Farm Market Reflections
by Esther Shmunis

Walking up Woodmont Avenue and turning onto Elm Street, I pass by the familiar restaurants and movie theatre. This time, on an early Sunday morning, the atmosphere and environment has completely changed. The street typically used for quiet, casual walks is now bustling with people circling multi-colored tents and marveling at various delicacies, meats, herbs and even copper wares being sold.

Sample offerings from Woodhall Wine Cellars

On Elm Street, between Woodmont and Wisconsin Avenue, the Bethesda Central Farm Market is stationed, offering an array of unique and interesting products. For example, among the archetypal wines it sells, Woodhall Wine Cellars offers a “Party Garnet” flavor, a blend of “candied fruit” with a subtle scent of “bubblegum, cotton candy, and strawberry.” It also produces a “Party Harmony” blend, composed of different tropical fruit flavors with a “touch of honey.” Though these festive wines receive some attention, purchasers play it safe with popular dry red wines like the Chambourcin and Cabernet Sauvignon.

Near the wine station, veal and goat meat products draw much buyer attention. The proprietor explains that her farm is not a cruel slaughterhouse. Animals are not injected with hormones and stuffed in small cages; instead they are given normal healthy food to consume and plenty of room to roam free.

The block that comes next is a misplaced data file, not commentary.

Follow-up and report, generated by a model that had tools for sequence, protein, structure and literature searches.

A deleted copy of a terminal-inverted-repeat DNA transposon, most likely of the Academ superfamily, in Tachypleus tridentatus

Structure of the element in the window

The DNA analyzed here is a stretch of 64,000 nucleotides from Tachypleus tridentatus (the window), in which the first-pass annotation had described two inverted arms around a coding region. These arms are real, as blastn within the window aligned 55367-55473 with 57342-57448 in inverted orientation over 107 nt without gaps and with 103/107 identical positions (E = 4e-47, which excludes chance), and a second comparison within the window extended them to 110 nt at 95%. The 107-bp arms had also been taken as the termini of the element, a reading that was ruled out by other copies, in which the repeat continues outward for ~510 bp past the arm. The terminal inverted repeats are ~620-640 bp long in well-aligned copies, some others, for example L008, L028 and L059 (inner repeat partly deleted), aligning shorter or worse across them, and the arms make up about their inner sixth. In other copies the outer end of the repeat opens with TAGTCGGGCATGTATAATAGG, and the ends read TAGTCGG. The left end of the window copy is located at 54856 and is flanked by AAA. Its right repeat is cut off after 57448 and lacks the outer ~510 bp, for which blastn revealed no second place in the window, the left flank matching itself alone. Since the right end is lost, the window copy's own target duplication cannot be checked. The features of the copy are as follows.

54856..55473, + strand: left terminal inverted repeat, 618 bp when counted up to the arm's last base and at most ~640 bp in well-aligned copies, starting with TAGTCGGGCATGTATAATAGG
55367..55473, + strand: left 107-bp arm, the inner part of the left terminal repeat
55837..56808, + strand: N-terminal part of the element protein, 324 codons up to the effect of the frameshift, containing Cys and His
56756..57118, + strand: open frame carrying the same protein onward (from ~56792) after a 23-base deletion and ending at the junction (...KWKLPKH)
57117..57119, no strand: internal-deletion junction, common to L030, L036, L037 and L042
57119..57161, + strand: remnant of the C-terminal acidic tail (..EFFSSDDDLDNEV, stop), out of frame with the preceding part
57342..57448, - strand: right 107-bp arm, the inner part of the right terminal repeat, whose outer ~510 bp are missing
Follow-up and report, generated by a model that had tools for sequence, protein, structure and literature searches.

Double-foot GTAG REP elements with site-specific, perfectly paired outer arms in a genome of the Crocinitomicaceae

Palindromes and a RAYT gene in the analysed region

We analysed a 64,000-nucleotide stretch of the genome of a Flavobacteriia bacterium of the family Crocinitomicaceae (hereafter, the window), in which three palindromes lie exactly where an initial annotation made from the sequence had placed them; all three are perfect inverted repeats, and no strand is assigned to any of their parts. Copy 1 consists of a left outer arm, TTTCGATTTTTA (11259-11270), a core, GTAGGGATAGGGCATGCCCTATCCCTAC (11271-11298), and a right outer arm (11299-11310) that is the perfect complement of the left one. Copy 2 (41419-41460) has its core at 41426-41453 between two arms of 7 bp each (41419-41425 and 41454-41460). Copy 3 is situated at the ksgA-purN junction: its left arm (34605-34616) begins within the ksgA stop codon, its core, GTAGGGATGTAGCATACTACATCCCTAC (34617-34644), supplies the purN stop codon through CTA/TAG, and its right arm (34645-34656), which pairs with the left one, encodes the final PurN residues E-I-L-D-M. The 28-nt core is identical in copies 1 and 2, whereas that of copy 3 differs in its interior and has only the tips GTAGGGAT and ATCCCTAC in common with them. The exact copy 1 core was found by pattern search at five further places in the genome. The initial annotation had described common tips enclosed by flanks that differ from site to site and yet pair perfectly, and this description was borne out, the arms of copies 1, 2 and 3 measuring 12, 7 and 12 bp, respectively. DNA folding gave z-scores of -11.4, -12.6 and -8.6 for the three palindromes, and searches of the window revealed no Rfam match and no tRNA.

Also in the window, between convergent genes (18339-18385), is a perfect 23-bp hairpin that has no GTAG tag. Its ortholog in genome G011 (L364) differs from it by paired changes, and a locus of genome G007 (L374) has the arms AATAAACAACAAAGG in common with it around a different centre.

Though the food and products displayed may seem like an integral part of the market experience, what makes the farm market truly special is the diverse people it attracts. Rather than solo shoppers going on their routine errands to buy some fresh and organic produce, the street is filled with couples, families, and dog walkers, who enliven an otherwise mundane custom. With these people’s energy and enthusiasm to discover, analyze, or merely peruse new and exciting products, the Bethesda Central Farm Market gives selling what some may call “ordinary” food a completely new meaning.

Esther Schmunis is a graduating senior at the Melvin J. Berman Hebrew Academy in Rockville. After attending Midreshet Amit in Israel for a year, she plans to go to Syms Business School at Stern College in New York.

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